What use is rehab?

What components of rehabilitation are helpful from the perspective of individuals with multiple sclerosis? Salminen AL, Kanelisto KJ, Karhula ME. Disabil Rehabil. 2014. [Epub ahead of print]

Purpose: To investigate the helpful components of rehabilitation from the point of view of people with multiple sclerosis (MS). Methods: Sixteen focus groups were conducted for 68 adults with MS, who were 6 months through their 2-year multi-professional group-based out-patient rehabilitation programs in three regions of Finland. Data were analyzed using qualitative inductive content analysis combined with counts of the coded data. 

Results: Participants described 20 helpful components of rehabilitation that were clustered to themes of the rehabilitee himself/herself, structures of everyday life, information, activity, environmental interventions, social relationships and support. The most frequently described components of the seven main themes were peers, advice, physical exercise, assistive technology and home adaptations, and personal responsibility.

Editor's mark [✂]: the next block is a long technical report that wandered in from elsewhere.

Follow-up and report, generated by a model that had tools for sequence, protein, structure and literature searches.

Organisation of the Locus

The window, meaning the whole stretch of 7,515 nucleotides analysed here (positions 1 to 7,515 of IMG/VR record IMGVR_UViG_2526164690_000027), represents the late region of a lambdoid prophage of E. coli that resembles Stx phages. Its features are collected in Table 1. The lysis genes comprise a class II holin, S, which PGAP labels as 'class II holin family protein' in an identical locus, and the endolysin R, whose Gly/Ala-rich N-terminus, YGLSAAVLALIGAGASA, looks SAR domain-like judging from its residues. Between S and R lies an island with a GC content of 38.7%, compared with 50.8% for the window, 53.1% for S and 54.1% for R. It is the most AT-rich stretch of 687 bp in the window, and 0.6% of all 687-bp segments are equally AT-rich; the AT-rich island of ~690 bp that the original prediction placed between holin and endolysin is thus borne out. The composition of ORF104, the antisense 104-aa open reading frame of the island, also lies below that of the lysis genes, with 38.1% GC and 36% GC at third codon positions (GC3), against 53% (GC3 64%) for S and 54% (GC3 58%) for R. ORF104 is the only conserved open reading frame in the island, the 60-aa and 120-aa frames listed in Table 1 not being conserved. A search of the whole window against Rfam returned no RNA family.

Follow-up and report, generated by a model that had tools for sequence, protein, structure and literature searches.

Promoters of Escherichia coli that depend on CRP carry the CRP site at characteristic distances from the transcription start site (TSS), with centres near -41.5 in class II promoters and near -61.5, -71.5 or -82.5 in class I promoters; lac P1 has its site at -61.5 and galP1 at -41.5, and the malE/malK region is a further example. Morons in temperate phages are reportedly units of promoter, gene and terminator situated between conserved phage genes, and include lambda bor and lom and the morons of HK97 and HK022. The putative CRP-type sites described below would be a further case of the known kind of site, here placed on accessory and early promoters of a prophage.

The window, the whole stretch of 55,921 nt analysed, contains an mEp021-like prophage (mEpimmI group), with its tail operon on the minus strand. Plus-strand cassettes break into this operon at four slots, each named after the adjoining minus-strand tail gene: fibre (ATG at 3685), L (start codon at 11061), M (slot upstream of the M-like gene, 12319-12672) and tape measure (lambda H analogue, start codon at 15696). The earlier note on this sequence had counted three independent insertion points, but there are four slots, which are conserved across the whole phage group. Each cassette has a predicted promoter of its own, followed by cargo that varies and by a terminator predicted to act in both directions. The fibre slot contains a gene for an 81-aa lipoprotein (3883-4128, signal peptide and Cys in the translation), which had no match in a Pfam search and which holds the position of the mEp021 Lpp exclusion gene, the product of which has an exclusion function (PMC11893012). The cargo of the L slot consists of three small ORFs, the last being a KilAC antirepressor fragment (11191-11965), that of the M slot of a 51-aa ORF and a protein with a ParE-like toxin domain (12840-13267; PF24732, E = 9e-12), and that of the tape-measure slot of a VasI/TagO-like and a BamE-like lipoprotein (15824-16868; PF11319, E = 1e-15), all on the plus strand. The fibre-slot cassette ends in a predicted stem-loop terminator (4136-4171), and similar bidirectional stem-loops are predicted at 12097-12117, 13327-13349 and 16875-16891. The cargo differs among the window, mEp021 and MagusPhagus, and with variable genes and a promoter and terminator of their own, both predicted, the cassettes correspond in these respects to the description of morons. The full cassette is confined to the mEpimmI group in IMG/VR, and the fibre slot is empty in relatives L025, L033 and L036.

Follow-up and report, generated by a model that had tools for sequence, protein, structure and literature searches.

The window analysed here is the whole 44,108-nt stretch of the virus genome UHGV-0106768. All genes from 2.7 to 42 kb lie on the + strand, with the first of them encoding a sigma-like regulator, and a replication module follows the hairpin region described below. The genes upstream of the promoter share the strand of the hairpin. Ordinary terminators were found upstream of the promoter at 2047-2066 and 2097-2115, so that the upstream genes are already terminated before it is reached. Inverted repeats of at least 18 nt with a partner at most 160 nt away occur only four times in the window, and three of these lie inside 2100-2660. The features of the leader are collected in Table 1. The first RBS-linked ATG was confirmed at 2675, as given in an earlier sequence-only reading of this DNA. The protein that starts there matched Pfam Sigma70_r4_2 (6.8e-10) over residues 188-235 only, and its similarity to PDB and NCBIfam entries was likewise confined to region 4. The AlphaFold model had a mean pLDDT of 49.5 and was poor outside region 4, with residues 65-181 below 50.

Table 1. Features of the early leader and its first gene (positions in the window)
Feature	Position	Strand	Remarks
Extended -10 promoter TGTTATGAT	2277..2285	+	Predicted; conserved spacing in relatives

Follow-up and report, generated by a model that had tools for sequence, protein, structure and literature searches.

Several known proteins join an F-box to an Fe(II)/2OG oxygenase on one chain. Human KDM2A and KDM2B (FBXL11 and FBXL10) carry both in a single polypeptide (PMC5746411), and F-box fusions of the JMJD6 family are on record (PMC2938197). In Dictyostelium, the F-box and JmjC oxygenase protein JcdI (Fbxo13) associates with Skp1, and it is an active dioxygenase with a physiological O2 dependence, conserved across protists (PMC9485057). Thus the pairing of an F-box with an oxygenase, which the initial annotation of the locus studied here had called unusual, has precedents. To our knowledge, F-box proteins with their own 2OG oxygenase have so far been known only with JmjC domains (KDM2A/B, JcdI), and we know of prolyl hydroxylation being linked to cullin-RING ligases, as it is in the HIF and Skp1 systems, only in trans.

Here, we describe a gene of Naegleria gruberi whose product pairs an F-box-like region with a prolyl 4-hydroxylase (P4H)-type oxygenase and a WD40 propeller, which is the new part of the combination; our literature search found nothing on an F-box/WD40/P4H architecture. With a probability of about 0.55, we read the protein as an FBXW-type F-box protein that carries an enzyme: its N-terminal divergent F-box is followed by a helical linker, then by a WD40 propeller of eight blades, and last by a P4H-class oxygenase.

Conclusions: The helpful components of both in-patient and out-patient rehabilitation that are of particular importance to people with MS are diverse and show the relevance of ICF in rehabilitation and the need for a comprehensive view in rehabilitation. The importance of peers and peer support should be taken into account in rehabilitation planning and related recommendations. The findings show that helpful rehabilitation for people with MS is not a set of mechanistic interventions but requires good social relationships and support. 
Implications for Rehabilitation: Helpful components of rehabilitation for people with MS are diverse and show the need for a comprehensive and individual view in rehabilitation. Professionally guided peer support should be offered as a part of rehabilitation. Interventions related to assistive technology and home adaptations should be an obvious part of rehabilitation. It is important to support people with MS to preserve identity as an active person and to take personal responsibility in their own rehabilitation.

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  • Yes, unless you take personal responsibility, you won't get anywhere. But to start rehab, there has to be hope – otherwise, why would you make the effort? That's why the attitude and 'bedside manner' (for want of a better word) of the neuro is SO crititical. I was lucky, I got Prof G. But how typical is his approach? Judging from some of the stories I read on shift.ms, many patients feel they've been written off. And that is the real scandal.

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